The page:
Estimates vary widely, but scholars have said that changes in marriage patterns — as opposed to changes in individual earnings — may account for as much as 40 percent of the growth in certain measures of inequality. Long a nation of economic extremes, the United States is also becoming a society of family haves and family have-nots, with marriage and its rewards evermore confined to the fortunate classes.
“It is the privileged Americans who are marrying, and marrying helps them stay privileged,” said Andrew Cherlin, a sociologist at Johns Hopkins University.
About 41 percent of births in the United States occur outside marriage, up sharply from 17 percent three decades ago. But equally sharp are the educational divides, according to an analysis by Child Trends, a Washington research group. Less than 10 percent of the births to college-educated women occur outside marriage, while for women with high school degrees or less the figure is nearly 60 percent.
Long concentrated among minorities, motherhood outside marriage now varies by class about as much as it does by race. It is growing fastest in the lower reaches of the white middle class — among women like Ms. Schairer who have some postsecondary schooling but no four-year degree.
While many children of single mothers flourish (two of the last three presidents had mothers who were single during part of their childhood), a large body of research shows that they are more likely than similar children with married parents to experience childhood poverty, act up in class, become teenage parents and drop out of school.
Sara McLanahan, a Princeton sociologist, warns that family structure increasingly consigns children to ”diverging destinies.”
Married couples are having children later than they used to, divorcing less and investing heavily in parenting time. By contrast, a growing share of single mothers have never married, and many have children with more than one man.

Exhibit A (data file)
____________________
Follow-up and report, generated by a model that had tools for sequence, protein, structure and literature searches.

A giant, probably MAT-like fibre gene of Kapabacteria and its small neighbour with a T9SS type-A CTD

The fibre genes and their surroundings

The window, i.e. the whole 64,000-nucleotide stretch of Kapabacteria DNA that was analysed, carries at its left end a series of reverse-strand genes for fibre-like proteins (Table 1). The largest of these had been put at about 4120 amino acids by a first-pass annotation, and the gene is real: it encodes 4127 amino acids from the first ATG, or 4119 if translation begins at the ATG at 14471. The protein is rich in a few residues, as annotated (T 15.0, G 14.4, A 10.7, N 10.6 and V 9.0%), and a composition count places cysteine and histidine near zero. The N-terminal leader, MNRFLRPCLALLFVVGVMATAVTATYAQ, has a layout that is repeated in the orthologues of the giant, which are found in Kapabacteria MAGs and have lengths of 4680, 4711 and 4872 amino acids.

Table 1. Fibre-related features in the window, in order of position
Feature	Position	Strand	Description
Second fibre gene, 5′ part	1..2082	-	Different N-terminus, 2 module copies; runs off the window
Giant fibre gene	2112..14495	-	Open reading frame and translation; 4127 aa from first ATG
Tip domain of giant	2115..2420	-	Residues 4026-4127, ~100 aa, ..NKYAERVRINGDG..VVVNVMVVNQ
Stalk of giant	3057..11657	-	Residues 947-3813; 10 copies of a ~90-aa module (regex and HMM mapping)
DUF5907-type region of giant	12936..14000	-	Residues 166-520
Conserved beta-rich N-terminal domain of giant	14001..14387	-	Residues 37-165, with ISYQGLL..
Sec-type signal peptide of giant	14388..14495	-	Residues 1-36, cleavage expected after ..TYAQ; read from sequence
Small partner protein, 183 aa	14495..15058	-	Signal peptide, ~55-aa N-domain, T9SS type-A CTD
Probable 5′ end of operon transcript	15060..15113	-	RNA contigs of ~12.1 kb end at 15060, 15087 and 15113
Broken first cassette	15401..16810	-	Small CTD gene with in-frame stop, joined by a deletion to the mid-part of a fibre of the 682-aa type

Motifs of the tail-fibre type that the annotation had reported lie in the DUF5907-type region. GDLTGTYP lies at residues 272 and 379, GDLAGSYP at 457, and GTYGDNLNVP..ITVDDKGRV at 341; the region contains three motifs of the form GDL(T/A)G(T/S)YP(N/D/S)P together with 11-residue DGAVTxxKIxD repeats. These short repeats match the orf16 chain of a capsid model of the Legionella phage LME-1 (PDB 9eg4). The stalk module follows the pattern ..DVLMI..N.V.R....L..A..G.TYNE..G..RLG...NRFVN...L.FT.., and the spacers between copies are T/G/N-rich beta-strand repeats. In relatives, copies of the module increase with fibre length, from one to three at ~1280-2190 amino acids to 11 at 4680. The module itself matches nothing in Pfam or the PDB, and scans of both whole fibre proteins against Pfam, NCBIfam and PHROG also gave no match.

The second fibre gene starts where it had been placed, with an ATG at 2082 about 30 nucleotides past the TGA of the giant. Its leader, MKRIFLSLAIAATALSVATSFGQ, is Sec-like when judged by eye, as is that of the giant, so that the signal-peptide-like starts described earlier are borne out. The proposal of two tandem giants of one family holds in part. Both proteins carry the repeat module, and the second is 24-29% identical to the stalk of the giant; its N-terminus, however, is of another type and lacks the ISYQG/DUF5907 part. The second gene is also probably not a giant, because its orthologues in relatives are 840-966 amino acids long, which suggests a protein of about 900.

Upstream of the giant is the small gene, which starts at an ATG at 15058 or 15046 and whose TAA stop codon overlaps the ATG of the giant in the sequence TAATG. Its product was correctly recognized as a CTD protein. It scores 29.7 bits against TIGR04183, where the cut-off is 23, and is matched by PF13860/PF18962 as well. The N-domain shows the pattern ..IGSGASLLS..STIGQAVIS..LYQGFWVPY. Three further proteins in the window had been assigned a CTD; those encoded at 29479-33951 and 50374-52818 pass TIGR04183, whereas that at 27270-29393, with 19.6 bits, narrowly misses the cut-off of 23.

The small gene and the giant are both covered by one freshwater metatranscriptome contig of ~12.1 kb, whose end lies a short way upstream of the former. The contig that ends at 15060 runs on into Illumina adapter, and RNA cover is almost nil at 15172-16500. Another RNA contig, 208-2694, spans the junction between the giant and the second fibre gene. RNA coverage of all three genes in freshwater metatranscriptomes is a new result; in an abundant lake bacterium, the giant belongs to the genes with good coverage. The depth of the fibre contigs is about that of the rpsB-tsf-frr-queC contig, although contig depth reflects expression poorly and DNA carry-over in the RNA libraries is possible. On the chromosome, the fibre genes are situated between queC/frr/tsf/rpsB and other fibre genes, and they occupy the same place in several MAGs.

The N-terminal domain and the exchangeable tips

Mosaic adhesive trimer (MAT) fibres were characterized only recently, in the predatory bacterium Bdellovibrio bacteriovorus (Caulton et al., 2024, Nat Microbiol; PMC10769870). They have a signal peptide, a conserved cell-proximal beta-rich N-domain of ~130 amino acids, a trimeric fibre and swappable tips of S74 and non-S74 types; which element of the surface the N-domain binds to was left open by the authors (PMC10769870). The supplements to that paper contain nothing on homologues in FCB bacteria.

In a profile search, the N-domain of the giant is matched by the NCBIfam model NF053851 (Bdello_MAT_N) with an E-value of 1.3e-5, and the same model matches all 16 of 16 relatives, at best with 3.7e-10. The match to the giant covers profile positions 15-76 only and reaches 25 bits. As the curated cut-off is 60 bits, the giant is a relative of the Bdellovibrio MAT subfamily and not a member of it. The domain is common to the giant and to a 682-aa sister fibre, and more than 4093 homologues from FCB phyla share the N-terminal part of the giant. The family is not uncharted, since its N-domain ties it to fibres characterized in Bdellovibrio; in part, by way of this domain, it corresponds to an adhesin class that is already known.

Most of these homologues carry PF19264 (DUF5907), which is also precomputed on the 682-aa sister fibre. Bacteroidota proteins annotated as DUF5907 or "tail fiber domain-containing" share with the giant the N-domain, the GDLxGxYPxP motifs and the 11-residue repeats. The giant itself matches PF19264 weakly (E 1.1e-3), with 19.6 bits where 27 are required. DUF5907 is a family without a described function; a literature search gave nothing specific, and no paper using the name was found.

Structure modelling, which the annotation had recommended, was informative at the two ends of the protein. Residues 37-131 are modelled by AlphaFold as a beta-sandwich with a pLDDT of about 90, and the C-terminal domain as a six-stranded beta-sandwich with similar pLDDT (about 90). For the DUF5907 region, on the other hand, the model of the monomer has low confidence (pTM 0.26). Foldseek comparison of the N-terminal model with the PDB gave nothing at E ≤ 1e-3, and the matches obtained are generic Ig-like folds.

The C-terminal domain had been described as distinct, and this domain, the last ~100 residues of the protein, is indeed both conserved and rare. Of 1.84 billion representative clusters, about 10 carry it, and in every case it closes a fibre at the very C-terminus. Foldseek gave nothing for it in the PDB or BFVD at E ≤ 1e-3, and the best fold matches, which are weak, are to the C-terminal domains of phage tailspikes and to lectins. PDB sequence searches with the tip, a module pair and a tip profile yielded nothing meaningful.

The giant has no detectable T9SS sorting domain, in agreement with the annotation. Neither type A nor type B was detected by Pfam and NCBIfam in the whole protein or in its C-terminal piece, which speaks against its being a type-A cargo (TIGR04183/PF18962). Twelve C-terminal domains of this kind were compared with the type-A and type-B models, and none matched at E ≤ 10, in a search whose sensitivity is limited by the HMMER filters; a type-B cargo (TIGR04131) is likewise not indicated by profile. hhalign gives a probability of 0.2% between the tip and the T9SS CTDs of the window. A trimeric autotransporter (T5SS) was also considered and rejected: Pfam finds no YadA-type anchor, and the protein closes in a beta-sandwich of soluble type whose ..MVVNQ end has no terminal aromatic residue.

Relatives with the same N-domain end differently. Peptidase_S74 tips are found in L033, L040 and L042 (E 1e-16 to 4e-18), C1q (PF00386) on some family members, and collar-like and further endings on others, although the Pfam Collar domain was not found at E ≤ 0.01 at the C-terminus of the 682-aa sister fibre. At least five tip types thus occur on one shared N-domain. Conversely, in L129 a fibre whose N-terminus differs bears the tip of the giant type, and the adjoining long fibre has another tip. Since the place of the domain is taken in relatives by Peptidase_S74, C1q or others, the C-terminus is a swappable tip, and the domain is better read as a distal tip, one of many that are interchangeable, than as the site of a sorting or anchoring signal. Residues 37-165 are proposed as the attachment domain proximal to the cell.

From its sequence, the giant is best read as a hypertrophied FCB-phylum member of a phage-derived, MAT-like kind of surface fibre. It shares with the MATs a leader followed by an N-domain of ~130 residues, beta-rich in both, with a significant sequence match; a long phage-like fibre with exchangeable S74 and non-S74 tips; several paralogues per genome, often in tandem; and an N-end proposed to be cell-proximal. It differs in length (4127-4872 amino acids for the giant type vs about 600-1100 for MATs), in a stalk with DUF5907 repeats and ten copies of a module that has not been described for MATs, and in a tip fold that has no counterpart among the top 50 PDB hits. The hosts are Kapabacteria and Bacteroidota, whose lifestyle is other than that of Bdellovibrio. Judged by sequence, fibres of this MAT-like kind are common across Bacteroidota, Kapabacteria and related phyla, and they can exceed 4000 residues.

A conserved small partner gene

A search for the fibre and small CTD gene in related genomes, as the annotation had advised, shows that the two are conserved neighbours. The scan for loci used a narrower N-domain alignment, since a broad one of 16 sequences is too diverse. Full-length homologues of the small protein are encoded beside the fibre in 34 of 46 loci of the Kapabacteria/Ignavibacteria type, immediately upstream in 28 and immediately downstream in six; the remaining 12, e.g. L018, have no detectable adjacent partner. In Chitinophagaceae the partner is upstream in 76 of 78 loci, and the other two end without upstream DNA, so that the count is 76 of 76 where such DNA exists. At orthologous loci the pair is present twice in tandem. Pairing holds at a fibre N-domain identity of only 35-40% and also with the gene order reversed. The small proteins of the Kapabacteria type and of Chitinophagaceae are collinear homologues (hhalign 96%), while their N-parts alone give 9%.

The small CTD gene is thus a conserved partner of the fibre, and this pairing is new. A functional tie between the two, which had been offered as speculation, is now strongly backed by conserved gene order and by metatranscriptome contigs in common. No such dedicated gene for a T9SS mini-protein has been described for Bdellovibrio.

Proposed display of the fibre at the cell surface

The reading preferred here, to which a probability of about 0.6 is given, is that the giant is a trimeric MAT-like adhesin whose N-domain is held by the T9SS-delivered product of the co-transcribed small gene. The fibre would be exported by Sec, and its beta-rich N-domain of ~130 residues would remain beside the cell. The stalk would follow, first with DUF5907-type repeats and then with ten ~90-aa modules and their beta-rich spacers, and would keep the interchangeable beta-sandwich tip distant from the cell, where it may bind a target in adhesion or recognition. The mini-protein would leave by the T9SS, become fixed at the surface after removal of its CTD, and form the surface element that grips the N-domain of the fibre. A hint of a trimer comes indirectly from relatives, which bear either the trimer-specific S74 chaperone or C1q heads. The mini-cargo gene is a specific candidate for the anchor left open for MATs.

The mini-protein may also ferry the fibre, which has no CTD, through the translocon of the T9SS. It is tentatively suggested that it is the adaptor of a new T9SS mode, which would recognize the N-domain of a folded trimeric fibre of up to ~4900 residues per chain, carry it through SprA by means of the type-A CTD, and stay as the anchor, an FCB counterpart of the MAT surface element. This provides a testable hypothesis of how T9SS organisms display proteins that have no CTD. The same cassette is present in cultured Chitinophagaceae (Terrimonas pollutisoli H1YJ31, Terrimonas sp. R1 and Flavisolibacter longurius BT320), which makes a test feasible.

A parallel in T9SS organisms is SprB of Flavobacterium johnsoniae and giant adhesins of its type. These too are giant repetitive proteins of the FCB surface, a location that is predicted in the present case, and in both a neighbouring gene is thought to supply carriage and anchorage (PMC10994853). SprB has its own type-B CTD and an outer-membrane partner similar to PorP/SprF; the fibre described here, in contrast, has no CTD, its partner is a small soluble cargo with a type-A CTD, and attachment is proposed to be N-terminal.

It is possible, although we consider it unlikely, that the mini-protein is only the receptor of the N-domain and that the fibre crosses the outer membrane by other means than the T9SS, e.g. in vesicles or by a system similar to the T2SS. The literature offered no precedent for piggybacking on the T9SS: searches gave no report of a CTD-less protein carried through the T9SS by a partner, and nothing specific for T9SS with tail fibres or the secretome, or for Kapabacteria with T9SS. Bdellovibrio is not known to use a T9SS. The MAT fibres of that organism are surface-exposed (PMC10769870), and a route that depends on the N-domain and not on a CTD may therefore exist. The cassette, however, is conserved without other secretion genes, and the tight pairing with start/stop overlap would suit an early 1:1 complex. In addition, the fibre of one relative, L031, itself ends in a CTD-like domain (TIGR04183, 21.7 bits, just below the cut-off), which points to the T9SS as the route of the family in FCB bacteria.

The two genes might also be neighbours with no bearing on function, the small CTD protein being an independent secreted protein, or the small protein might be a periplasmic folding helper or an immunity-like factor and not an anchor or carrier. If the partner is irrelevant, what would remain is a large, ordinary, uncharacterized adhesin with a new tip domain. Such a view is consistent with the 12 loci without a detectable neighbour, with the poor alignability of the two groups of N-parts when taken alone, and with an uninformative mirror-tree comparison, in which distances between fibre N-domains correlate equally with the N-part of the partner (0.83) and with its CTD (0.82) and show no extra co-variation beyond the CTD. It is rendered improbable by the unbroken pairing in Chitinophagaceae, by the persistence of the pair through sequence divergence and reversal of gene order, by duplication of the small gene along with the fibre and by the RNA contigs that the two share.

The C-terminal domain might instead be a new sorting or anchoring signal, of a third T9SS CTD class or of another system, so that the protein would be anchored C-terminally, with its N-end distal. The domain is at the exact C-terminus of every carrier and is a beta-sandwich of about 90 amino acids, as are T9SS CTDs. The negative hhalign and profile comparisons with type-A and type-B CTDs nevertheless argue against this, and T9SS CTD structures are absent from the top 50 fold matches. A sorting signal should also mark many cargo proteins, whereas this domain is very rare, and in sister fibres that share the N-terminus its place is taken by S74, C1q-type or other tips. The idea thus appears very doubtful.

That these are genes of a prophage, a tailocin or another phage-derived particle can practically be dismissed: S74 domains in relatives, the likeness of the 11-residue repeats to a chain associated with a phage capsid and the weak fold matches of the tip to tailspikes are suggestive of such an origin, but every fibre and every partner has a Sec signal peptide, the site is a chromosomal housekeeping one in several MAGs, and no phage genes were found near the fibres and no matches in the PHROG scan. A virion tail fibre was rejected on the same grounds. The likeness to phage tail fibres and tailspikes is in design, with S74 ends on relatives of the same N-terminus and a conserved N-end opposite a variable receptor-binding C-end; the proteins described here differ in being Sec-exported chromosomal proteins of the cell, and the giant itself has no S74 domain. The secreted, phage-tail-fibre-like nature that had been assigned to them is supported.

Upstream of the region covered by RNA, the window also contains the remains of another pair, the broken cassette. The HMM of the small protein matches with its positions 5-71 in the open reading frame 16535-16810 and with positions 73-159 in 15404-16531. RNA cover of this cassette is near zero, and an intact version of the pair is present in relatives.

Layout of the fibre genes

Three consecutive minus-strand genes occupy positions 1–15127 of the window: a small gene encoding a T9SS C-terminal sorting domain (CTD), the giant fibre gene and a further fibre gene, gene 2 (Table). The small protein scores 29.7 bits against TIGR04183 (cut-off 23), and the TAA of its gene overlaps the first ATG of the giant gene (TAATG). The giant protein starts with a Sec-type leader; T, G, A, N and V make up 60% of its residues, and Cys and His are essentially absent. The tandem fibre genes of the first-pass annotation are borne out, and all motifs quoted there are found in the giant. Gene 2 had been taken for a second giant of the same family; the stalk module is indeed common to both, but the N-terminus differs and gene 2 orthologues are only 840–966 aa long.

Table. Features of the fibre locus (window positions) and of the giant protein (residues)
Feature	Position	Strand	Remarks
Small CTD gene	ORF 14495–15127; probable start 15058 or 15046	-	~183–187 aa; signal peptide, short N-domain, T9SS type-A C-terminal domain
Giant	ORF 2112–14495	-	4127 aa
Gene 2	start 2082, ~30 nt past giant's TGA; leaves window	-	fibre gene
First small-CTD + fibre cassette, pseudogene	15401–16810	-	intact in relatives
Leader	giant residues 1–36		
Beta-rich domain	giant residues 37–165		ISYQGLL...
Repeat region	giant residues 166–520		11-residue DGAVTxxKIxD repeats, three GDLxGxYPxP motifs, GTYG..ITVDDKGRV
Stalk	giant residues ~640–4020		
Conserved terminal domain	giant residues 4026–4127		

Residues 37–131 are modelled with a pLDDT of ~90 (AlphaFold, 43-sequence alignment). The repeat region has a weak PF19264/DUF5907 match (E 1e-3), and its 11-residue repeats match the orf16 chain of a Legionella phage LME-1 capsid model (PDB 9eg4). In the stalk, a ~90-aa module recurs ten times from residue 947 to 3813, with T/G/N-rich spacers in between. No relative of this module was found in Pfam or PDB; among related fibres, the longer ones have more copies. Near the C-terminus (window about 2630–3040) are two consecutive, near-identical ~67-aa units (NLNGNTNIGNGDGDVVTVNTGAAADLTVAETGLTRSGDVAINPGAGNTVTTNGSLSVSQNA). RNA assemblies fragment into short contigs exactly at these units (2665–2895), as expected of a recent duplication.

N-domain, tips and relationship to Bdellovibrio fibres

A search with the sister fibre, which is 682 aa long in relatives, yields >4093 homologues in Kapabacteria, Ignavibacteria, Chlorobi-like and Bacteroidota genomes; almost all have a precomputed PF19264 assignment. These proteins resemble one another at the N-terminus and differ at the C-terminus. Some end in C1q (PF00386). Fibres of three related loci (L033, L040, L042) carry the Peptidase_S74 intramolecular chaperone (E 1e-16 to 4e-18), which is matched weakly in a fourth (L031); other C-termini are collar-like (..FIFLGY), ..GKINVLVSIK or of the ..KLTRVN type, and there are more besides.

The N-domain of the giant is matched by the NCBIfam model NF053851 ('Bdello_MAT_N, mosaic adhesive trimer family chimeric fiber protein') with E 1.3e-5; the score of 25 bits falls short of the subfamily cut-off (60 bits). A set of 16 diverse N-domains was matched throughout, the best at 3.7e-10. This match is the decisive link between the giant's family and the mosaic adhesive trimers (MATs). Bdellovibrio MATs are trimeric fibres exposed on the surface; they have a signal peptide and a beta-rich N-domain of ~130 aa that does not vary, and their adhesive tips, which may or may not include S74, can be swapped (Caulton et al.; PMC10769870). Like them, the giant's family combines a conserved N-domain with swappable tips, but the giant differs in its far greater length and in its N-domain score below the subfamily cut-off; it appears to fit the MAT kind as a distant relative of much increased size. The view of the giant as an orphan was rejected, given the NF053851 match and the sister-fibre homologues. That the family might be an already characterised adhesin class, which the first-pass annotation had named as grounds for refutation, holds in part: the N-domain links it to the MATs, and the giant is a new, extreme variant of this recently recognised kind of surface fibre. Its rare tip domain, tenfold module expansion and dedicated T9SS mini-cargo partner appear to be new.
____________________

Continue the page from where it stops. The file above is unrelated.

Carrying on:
“The people with more education tend to have stable family structures with committed, involved fathers,” Ms. McLanahan said. “The people with less education are more likely to have complex, unstable situations involving men who come and go.”
She said, “I think this process is creating greater gaps in these children’s life chances.”
Again, at one level, this is a blinding flash of the obvious. Of course, all things being equal, married, educated, and successful is a better parenting model than single, ignorant, and broke. But the underlying trend, of successful people marrying other successful people while the less successful aren’t marrying at all is indeed worrisome. The former makes all the sense in the world. As an educated professional, I can attest that I have little interest in partnering with a woman who dropped out of school—or, rather, the type of woman who tends to drop out of school; a highly intelligent autodidact would be perfectly fine. It’s interesting, though, that those who deviate from the traditional path to success are now skipping marriage, too; that’s a relatively new trend.
This is quite related to this morning’s earlier discussion of America’s decreasing social mobility, which comes from elite parents being able to pass enormous advantages to their children and thus effectively creating barriers to entry to children of non-elites.